Starting a Speaker Training Program at an Organization

Starting a Speaker Training Program at an Organization

Starting a Speaker Training Program at an Organization

Technical professionals can struggle giving presentations, especially to non-technical audiences. Want a way to make it less difficult? Implement a speaker training program at work. If you’re in learning and development (L&D) and want to implement such a program, here are some thoughts on how and why to make it happen.

Steps to Create a Speaker Training Program

1. Identify Improvement Areas:
Begin by engaging with your technical professionals to determine their specific challenges. Do they struggle with conveying complex information simply? Do they overuse technical jargon or filler words? Understanding these needs is crucial to develop something that they’ll find useful.

2. Practice Opportunities:
Provide regular opportunities for practice. For instance, organize lunch and learn sessions where technical staff can present their work. Record these sessions so they can review their performance and receive constructive feedback based on the specific challenges they’re trying to overcome.

3. Peer Feedback:
Create a supportive environment where colleagues can offer feedback. This collaborative approach not only improves skills but also fosters a culture of continuous improvement. Having regularly scheduled sessions to give and receive feedback is useful, with a facilitator able to keep sessions moving along.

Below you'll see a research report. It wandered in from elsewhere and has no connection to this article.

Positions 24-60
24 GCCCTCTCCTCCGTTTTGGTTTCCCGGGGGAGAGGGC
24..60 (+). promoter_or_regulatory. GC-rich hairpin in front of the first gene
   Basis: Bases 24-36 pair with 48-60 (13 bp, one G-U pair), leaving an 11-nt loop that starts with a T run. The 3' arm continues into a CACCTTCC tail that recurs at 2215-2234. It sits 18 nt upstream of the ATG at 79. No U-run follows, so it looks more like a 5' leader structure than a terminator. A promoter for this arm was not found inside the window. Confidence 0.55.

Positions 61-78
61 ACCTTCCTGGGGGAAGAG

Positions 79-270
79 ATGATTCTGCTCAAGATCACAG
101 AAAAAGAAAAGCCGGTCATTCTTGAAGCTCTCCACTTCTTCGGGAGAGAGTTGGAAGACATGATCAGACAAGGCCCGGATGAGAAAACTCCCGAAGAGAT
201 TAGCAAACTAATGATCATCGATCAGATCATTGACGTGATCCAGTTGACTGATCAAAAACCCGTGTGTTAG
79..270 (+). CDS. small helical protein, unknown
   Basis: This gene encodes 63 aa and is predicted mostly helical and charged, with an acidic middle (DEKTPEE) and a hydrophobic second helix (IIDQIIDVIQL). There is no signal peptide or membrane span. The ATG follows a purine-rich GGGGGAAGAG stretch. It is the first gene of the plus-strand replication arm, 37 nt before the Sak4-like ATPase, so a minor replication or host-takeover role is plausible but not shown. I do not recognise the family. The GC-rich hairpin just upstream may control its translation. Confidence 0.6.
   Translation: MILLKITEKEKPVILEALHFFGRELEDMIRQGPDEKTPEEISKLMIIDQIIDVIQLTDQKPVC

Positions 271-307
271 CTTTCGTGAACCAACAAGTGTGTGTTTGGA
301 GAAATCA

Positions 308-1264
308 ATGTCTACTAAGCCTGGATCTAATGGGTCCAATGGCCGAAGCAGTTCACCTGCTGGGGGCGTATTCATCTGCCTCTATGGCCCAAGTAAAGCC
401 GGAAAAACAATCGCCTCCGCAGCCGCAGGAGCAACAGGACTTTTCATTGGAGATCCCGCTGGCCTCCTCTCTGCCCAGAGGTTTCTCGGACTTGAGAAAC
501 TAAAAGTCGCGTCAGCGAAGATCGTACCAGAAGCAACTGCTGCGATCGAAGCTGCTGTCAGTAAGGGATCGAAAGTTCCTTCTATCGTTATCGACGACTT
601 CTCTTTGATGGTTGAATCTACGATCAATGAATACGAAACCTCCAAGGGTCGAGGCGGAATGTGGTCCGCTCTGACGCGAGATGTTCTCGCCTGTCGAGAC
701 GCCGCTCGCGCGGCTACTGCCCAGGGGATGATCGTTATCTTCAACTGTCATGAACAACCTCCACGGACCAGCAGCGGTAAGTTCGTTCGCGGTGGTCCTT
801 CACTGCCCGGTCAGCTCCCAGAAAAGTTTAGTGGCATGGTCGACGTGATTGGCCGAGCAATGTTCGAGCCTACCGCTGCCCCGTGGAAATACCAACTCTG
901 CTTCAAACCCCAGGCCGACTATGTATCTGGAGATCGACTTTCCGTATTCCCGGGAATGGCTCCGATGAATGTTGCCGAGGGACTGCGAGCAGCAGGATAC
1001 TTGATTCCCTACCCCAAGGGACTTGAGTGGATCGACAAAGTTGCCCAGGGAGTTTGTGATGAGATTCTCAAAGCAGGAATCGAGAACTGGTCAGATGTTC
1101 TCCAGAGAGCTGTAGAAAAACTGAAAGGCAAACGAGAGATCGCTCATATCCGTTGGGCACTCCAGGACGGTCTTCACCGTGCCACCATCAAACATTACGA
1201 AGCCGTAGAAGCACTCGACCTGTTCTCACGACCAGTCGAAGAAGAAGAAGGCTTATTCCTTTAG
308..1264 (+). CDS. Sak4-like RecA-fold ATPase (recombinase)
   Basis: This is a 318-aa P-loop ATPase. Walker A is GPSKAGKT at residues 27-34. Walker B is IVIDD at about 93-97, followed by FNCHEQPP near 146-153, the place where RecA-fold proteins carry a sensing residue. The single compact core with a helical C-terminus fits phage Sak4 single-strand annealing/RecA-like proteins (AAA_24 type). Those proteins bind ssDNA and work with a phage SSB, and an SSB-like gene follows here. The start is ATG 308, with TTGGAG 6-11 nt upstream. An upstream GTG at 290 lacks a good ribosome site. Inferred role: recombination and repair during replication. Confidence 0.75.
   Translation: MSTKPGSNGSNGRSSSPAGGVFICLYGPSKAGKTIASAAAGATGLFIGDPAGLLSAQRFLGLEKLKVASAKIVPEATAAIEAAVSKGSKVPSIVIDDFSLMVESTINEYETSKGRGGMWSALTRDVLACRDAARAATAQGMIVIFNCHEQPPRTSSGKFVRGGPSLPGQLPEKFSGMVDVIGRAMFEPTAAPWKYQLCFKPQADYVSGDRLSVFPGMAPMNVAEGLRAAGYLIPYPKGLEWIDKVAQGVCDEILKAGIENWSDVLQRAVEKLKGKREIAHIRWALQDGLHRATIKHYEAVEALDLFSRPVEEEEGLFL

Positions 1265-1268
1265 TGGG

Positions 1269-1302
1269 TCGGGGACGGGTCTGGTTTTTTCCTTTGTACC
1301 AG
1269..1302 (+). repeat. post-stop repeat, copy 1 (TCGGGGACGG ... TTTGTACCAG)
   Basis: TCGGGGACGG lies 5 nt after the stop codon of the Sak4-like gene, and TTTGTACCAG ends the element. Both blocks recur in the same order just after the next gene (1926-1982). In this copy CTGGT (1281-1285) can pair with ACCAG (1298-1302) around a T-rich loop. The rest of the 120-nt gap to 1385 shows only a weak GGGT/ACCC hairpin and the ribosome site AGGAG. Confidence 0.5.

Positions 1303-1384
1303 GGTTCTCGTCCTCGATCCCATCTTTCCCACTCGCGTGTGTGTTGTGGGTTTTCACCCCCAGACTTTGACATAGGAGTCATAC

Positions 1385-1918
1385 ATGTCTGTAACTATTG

4. Track Progress:
Encourage professionals to track their progress on specific metrics, such as reducing jargon or improving body language. Regular practice and feedback cycles will lead to noticeable improvement over time. Also, L&D can survey participants to see what’s working with the program and what could be improved.

Benefits of Establish a Speaker Training Program

When technical professionals enhance their presentation skills, their visibility within and outside the company increases. They become valuable assets for conference presentations, vendor meetings, and customer interactions. This visibility often leads to career advancements, promotions, and raises.

By implementing these strategies, your technical staff will no longer be the stereotypical geeks behind their computers. Instead, they will become adept communicators, enhancing their professional presence and contributing significantly to your organization’s success.

Want more insights on establishing a speaker training program for the technical staff? Please be in touch; [email protected].

Also, check out my ATD article at https://www.td.org/magazines/td-magazine/public-speaking-struggles-for-technical-professionals.

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